TYPES OF PIRATES
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Types of pirates.
When one thinks of pirates, they generally think of
those that sail the seas with their Jolly Rogers and peg legs, attacking other
ships and stealing treasure. When it comes to actual pirates, these images are
correct for the most part. However, there are others that sail the seas that are
also grouped with pirates however, they are quite different. There are actually
three types of pirates. These are actual pirates, buccaneers, and privateers.
According to international law, piracy is defined
as an act of robbery or other violent acts that take place either on the seas or
in the sky that covers the seas. The law goes on to state that these crimes are
committed by a captain or crew on a ship or aircraft that are not within any
particular jurisdiction and are not carrying out the actions by any order of the
Piracy is seen as a crime against all of humanity,
and not one particular state or country. For this reason, the crime of piracy
can be punished in any state that the pirate is found or brought to, even though
the crime might have been committed on a ship from a country other than the
country carrying out the punishment. If the state that carries out the
punishment punishes the pirate for an act that is not considered piracy in
international law, the punishment will only be seen as valid within that state.
Buccaneers were those that sailed the seas in the
17th century and were usually of English, Dutch, and French descent. Buccaneers
were inspired by privateers such as Sir Francis Drake and Sir Richard Hawkins,
who had obtained many riches while privateering in North America and the
Caribbean Sea. Trying to take after these men, some pirates began calling
themselves freebooters or buccaneers and started attacking Spanish colonies.
This was mostly during the last half of the 17th century.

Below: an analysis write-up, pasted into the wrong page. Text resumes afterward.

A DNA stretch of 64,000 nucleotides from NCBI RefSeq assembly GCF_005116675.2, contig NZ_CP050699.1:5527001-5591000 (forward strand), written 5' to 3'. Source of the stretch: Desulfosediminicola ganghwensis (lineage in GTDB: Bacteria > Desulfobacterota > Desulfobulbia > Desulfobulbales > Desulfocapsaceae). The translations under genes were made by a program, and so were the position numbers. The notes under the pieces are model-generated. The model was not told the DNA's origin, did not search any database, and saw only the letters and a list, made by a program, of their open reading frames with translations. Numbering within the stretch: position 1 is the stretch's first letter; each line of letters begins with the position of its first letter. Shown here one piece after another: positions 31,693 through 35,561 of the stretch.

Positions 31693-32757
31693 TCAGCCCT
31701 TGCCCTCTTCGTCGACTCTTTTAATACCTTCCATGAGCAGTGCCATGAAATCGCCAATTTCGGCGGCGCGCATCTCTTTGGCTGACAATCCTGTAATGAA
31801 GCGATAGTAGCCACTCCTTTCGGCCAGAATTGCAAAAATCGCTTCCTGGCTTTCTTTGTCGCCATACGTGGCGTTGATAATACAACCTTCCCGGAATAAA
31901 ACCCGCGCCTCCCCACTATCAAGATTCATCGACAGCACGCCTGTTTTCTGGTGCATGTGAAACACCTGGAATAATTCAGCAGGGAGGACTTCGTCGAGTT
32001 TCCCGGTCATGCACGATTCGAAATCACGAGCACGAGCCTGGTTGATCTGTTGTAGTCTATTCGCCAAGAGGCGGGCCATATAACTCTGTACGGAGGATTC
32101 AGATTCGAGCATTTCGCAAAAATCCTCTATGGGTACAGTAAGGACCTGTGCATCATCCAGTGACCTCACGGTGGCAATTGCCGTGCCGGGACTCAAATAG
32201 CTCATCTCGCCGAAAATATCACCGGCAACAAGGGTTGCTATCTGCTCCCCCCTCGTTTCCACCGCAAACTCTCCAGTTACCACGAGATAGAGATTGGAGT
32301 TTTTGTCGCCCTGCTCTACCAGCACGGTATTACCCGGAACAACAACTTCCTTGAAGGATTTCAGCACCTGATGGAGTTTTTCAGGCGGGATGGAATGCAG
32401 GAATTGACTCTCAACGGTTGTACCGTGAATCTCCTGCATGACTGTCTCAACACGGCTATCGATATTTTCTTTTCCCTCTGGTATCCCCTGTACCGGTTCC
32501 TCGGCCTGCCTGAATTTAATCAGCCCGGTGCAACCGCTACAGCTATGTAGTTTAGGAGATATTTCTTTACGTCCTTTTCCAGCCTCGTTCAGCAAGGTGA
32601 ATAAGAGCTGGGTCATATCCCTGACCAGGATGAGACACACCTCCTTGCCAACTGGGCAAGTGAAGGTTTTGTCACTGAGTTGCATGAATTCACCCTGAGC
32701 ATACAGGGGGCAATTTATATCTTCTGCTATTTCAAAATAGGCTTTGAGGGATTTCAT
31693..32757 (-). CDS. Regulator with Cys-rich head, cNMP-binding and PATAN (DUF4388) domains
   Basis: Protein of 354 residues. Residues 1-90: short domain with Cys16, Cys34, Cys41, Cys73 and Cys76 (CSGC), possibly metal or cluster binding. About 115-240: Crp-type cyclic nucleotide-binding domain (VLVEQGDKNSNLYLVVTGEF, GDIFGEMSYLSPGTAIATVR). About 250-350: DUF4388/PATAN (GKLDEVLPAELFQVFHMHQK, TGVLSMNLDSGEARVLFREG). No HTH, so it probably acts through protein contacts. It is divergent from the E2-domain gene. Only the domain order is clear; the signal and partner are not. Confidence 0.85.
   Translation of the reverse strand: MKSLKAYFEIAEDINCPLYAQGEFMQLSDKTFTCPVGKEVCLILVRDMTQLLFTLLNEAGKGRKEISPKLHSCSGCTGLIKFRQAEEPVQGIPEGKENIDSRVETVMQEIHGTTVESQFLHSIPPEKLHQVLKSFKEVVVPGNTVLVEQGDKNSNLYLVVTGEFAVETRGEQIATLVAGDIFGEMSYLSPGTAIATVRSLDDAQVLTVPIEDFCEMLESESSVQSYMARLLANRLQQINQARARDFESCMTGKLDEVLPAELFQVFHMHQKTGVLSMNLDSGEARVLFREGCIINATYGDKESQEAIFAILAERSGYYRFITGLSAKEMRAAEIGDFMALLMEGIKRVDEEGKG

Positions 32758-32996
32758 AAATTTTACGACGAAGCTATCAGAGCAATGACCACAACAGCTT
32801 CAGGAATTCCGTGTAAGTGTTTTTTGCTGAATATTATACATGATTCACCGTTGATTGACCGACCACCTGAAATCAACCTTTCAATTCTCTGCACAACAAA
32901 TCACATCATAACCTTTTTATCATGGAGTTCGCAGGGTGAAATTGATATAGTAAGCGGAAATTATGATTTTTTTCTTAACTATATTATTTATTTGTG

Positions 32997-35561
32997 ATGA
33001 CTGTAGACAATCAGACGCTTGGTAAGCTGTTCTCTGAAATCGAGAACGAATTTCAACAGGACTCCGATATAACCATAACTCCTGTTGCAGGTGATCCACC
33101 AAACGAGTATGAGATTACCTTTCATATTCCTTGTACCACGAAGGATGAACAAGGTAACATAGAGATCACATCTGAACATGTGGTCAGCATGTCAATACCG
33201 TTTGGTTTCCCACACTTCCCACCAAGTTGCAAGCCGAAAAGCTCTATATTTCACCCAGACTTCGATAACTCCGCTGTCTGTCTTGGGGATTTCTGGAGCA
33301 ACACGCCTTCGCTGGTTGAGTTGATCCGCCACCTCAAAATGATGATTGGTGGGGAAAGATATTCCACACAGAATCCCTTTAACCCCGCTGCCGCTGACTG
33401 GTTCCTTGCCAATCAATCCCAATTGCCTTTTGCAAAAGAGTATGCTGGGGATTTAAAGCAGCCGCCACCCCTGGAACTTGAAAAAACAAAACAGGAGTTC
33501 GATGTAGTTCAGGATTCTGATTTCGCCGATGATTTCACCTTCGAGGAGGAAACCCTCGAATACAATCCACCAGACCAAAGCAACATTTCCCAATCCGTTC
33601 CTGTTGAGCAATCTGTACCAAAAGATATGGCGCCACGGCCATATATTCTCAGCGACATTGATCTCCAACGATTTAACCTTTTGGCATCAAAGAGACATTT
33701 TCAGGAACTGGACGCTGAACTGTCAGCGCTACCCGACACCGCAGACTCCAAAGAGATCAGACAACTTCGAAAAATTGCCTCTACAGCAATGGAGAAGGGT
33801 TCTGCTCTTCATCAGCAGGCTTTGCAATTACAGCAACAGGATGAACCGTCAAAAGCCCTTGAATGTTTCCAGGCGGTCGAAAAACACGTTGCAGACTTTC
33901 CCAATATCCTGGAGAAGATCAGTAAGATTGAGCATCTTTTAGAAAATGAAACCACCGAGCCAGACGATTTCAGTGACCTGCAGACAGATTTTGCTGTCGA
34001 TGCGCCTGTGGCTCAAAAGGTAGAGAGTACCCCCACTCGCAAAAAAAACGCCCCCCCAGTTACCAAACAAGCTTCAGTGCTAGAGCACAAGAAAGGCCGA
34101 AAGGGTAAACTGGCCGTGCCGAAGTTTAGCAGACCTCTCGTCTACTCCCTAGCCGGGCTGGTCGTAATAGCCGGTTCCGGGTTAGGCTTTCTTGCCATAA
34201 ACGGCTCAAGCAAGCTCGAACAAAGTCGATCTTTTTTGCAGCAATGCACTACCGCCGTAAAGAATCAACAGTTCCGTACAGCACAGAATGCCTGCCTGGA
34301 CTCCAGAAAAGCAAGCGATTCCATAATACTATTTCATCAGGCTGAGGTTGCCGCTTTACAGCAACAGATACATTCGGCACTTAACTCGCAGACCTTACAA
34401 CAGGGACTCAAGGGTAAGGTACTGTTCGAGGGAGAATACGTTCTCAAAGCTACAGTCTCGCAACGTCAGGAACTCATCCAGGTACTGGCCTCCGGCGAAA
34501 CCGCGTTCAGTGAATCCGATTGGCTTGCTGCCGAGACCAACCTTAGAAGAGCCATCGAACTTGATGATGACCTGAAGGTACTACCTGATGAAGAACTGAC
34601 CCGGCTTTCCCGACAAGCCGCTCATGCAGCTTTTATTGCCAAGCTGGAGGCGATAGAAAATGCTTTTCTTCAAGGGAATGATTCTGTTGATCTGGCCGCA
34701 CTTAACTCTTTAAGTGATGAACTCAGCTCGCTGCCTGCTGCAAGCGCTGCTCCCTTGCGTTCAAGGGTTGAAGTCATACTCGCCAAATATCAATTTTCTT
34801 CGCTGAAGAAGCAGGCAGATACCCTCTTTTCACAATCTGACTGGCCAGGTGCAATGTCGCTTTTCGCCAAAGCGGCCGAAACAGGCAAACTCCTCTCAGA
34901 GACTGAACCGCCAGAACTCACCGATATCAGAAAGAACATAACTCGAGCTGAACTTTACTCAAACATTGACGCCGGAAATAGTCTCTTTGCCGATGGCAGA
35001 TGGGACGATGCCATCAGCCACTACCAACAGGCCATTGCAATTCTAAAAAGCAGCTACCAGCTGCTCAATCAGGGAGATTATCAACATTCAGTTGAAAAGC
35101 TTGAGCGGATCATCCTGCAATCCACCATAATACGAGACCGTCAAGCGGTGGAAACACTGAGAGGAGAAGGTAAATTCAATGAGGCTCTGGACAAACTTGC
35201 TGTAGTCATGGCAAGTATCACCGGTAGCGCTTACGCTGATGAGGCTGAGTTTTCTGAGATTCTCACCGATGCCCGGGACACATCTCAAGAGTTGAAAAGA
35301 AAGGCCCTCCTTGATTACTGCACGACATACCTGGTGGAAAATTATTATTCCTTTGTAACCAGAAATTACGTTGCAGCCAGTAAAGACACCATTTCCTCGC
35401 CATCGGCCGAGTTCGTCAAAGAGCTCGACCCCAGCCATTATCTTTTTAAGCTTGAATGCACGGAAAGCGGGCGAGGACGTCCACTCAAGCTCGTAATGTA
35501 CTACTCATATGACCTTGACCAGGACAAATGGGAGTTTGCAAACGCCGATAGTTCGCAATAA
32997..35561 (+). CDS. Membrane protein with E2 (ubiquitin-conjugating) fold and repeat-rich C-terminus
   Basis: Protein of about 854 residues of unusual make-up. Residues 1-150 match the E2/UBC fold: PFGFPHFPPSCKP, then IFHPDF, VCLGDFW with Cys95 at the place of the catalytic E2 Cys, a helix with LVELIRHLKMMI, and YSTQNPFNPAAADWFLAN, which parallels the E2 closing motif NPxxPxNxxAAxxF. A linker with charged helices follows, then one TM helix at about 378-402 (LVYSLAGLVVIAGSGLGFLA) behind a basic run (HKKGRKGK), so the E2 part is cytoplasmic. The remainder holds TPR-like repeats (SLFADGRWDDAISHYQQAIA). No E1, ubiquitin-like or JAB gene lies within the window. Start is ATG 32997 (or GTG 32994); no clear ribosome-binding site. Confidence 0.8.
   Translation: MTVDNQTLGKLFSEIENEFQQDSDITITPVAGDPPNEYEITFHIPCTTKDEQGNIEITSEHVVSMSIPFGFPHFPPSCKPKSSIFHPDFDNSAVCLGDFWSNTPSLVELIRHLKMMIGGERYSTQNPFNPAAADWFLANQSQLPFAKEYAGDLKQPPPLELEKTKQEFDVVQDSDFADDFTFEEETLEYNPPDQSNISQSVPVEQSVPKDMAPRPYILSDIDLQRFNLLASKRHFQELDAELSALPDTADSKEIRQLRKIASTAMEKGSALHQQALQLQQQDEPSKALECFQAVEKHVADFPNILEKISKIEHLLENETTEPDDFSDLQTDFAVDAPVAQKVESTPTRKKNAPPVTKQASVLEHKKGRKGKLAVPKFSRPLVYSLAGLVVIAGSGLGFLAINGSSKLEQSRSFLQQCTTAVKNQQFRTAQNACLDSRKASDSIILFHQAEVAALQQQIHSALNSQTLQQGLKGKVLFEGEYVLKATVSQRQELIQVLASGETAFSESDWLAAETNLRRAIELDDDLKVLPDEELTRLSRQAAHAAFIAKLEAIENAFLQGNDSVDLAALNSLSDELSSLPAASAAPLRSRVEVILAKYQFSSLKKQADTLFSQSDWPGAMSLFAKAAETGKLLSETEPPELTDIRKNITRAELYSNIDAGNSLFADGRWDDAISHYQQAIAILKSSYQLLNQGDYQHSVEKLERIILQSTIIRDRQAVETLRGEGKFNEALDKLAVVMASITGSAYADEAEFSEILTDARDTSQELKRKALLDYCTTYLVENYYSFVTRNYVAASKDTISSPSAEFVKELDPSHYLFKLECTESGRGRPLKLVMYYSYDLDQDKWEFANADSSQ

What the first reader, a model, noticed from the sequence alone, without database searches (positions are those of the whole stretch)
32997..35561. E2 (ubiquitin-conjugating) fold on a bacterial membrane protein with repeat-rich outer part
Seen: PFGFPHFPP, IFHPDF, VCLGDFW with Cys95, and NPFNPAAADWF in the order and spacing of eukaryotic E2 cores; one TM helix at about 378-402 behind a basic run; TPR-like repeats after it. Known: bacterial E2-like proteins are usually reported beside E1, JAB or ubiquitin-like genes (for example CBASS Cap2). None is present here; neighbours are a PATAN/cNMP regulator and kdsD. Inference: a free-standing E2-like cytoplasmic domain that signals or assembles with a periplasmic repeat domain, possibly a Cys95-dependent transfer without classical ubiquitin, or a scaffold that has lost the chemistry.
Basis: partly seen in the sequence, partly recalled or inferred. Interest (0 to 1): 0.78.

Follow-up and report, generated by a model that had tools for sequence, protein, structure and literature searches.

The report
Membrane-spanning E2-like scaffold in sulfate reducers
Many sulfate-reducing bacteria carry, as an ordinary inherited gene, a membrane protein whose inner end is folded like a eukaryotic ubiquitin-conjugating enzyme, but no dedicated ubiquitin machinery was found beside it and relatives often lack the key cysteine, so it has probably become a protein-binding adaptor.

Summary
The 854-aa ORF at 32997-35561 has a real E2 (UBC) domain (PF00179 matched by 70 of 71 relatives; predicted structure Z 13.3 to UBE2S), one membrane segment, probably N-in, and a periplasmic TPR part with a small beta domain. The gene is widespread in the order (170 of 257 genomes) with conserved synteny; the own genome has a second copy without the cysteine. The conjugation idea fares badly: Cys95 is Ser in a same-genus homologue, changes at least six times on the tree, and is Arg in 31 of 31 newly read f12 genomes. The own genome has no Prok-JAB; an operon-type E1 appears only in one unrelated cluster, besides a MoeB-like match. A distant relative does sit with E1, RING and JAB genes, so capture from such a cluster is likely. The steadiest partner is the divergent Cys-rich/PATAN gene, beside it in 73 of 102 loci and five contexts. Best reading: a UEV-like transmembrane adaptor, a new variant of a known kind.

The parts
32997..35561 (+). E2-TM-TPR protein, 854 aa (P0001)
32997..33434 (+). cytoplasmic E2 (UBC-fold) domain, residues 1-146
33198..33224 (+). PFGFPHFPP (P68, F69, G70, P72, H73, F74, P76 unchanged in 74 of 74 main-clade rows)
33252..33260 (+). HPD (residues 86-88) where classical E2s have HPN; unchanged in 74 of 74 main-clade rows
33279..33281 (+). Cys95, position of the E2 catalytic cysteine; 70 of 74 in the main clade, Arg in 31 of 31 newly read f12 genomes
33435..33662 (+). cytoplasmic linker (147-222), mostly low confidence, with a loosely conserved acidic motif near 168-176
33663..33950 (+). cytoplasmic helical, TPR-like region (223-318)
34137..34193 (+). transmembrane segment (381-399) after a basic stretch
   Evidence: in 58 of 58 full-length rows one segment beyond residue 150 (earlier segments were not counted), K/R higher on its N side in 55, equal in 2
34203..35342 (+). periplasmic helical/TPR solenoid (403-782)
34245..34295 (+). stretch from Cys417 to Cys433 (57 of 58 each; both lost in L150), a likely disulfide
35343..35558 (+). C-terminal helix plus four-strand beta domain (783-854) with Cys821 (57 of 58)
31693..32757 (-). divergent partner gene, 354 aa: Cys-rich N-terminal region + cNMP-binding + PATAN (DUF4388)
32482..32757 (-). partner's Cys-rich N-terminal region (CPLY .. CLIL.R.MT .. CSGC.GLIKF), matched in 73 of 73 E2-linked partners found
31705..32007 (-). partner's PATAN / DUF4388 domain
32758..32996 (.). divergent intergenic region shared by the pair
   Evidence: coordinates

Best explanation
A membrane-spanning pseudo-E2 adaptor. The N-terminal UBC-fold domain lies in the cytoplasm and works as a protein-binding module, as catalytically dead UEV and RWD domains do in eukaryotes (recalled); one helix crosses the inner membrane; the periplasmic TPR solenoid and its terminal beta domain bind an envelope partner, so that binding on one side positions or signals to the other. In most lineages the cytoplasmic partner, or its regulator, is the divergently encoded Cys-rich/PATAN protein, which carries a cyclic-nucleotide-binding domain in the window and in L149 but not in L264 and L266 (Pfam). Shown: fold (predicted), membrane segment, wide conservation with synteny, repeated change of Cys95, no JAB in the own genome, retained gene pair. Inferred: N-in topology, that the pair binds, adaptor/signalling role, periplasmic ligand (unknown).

The most famous buccaneer was Sir Henry Morgan.
Buccaneers were different from privateers in that they were not commissioned by
the government to carry out their actions. They were also different from pirates
in that they did not attack ships of any nationality and the act of piracy was
also banned in the 18th century.
The term “buccaneer” comes from the French term “boucan.”
The term was taken from the act of buccaneers stealing Spanish cattle and after
drying the meat out with heat, they would sell it to ships and it would become
these ships main source of food. The buccaneers captured Panama in 1671, under
the leadership of Henry Morgan. During the 18th century, governments needed to
hire the buccaneers as privateers to fight in the War of the Spanish Succession.
This brought the end of the buccaneers.
Privateers are vastly different from pirates and buccaneers. The main difference
is that privateers were hired by the government to carry out their actions. The
ships of the privateers were privately owned by countries and when a privateer
was called to duty, these were called “letters of marque.”
The Declaration of Paris in 1856 brought the end of
most privateering but not all countries agreed to the declaration. These
countries included the United States, Spain, Mexico, and Venezuela. As payment
for their work, privateers were entitled to share in whatever treasure they
captured. Although privateering was in practice before official navies were set
up, privateering was allowed during the War of 1812 and the American Revolution,
when some navies had been comprised. The United States gave up privateering in
1898 during the Spanish-American War.
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